Before beginning a detailed explanation of the present invention, the meaning of the term "long waves" will defined. While the term "long waves" is widely used, it is not always used in the same meaning. In this specification the term will be used to refer to radiation of a frequency of not greater than 300 kHz. Since the crust generally has a resistivity of 103 -105 Ωm and a refractive index of 2-4, radiation from the magma of a frequency over 300 kHz is attenuated at 0.01-1 dB/m and is therefore seldom observed near the earth surface. It is for this reason that the present invention specifies the observable radiation as long waves.
It is difficult to determine the source of long waves from magma with high accuracy by observing the same above ground since it is impossible to determine the point at which the waves will pass from the ground into the atmosphere, and even if simultaneous observation is carried out at numerous points, the precision of the determination remains poor because the long waves come along unknown mixed paths with different phase delays.
In this invention, this problem is overcome by carrying out simultaneous observation of the long waves at four or more points located underground or on the seabed, determining the signal reception time lags (delay times) by cross-correlating the received signals, calculating the site, magnitude and shape of the magma which is the source of long-wave radiation and reflected radiation, and predicting volcanic activity from time-course changes in the calculated site, magnitude and shape.
The principle of the present invention is illustrated in FIG. 1, in which the reference numeral 1 designates magma which has a magma image and is the subject under observation. Four observation points P1, P2, P3, P4 are established in the vicinity of the magma and provided with antennas which may, for example, be underground antennas 2a, 2b, 2c, 2d. While four observation points are set up in the embodiment under discussion, the number thereof is not limited to four and the greater the number of observation points established, the higher the precision with which the observation can be conducted. The observation points are positioned around the presumed location of the magma at intervals of about 10 km from each other.
The signals received by the antennas 2a, 2b, 2c, 2d are forwarded to respective receivers 3a, 3b, 3c, 3d where they are amplified. The amplified signals f1, f2, f3, f4 are sent to and recorded by recorders 4a, 4b, 4c, 4d, which may be of either analogue or digital type. The signals f1, f2, f3, f4 recorded by the recorders 4a, 4b, 4c, 4d are sent to correlators 5 as three different signal pairs. (In the illustrated embodiment, signals f1, f2 are sent to correlator 5-I, signals f2, f3 to correlator 5-II, and signals f3, f4 to correlator 5-III.) The signals of the signal pairs sent to the respective correlators are cross-correlated to obtain the respective signal reception time lags (i.e. delay times) t12, t23, t34, which are sent a magma image formation section 6. On the basis of the signal reception time lags t12, t23, t34, the magma image formation section 6 produces a three-dimensional image of the magma, representing its site, magnitude and shape. The magma image data from the magma image formation section 6 is at prescribed intervals forwarded as time series data to a magma image data recording section 7 where it is recorded. The magma image data received by the magma image data recording section 7 is sent to a magma image analysis section 8 where it is used for analysis of time-course changes in the magnitude, site and shape of the magma image. The resulting magma image analysis data is sent to an eruption prediction section 9, which produces an eruption warning when an abnormality is detected.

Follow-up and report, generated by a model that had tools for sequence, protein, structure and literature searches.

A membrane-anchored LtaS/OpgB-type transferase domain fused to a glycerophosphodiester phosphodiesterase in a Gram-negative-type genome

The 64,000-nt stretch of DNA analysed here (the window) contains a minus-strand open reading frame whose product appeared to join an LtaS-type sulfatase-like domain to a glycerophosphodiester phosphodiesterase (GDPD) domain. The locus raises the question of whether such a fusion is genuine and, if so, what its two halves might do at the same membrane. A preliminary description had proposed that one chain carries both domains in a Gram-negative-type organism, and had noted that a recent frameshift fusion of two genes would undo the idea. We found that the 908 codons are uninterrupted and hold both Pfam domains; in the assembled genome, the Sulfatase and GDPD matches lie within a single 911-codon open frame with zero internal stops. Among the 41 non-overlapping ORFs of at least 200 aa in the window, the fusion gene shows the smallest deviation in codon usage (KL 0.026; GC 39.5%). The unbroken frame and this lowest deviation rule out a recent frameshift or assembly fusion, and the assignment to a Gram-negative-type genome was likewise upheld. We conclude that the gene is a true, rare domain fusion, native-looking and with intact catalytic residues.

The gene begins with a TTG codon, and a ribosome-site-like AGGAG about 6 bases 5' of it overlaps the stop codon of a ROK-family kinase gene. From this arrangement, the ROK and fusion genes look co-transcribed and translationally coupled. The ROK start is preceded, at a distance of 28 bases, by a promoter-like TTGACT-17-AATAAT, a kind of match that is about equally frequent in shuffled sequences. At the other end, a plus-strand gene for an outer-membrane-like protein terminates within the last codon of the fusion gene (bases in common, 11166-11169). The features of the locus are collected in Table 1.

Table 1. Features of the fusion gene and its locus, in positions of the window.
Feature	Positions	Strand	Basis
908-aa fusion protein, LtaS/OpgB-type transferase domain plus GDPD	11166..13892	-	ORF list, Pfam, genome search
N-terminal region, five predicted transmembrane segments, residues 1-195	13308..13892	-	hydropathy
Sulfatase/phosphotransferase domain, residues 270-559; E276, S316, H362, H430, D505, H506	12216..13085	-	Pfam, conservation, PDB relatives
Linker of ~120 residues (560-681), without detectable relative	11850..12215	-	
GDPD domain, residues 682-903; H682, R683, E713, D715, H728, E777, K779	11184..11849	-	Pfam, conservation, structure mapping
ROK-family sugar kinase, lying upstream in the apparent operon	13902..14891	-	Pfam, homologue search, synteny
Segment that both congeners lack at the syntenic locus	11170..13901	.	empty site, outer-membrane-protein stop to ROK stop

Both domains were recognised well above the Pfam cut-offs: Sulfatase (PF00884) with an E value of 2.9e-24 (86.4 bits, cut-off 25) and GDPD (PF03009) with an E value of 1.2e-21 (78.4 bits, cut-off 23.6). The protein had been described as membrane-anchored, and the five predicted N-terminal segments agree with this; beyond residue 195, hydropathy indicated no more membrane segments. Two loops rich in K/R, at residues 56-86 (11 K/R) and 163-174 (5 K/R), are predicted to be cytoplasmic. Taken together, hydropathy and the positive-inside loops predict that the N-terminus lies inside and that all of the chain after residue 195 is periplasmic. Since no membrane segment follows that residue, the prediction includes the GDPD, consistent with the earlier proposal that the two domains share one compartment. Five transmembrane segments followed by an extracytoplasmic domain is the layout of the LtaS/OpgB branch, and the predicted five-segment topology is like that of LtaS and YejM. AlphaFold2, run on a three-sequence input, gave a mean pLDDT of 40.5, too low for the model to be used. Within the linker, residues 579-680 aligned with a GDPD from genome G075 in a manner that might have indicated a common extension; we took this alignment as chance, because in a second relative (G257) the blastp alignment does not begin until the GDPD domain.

The data from the magma image data recording section 7, the magma image analysis section 8 and the eruption prediction section 9 are sent to an output section 10 which as the occasion requires outputs the current magma image, a past magma image, information on time-course changes in the magma image, eruption prediction information, or the like.
The aforesaid correlators 5, the magma image formation section 6, the magma image data recording section 7, the magma image analysis section 8, the eruption prediction section 9 and the output section 10 can be constituted within a computer.
The magma observation method will now be explained.
In the present invention, the magma is considered to be a collection of long-wave signal sources and a three-dimensional magma image is obtained by determining the location of the individual wave sources.
The wave source under observation is defined as Q and the observation points as Pi, Pj (i≠j, i. j=1, 2 . . . , n. n≧4). (See FIG. 4.) The long waves are simultaneously received at the two different observation points Pi, Pj separated from each other by about 10 km. Defining the received signals (amplitude and phase information at time t) as fi (FIG. 2(a)) and fj (FIG. (b)), the cross-correlation function γij can be represented as ##EQU1## where the integration period T is the time duration over which the waves are received.
Next, the value tij of δt when γij (γt) is maximal is found. (If there are two or more wave sources, there will be two or more values of tij at which γij (δt) becomes maximal.) More specifically, the value tij of δt satisfying the following relationship is found ##EQU2##
Let the mean velocity of long waves within the crust be c and the distances QPi, QPj be ri, rj, respectively, and it follows that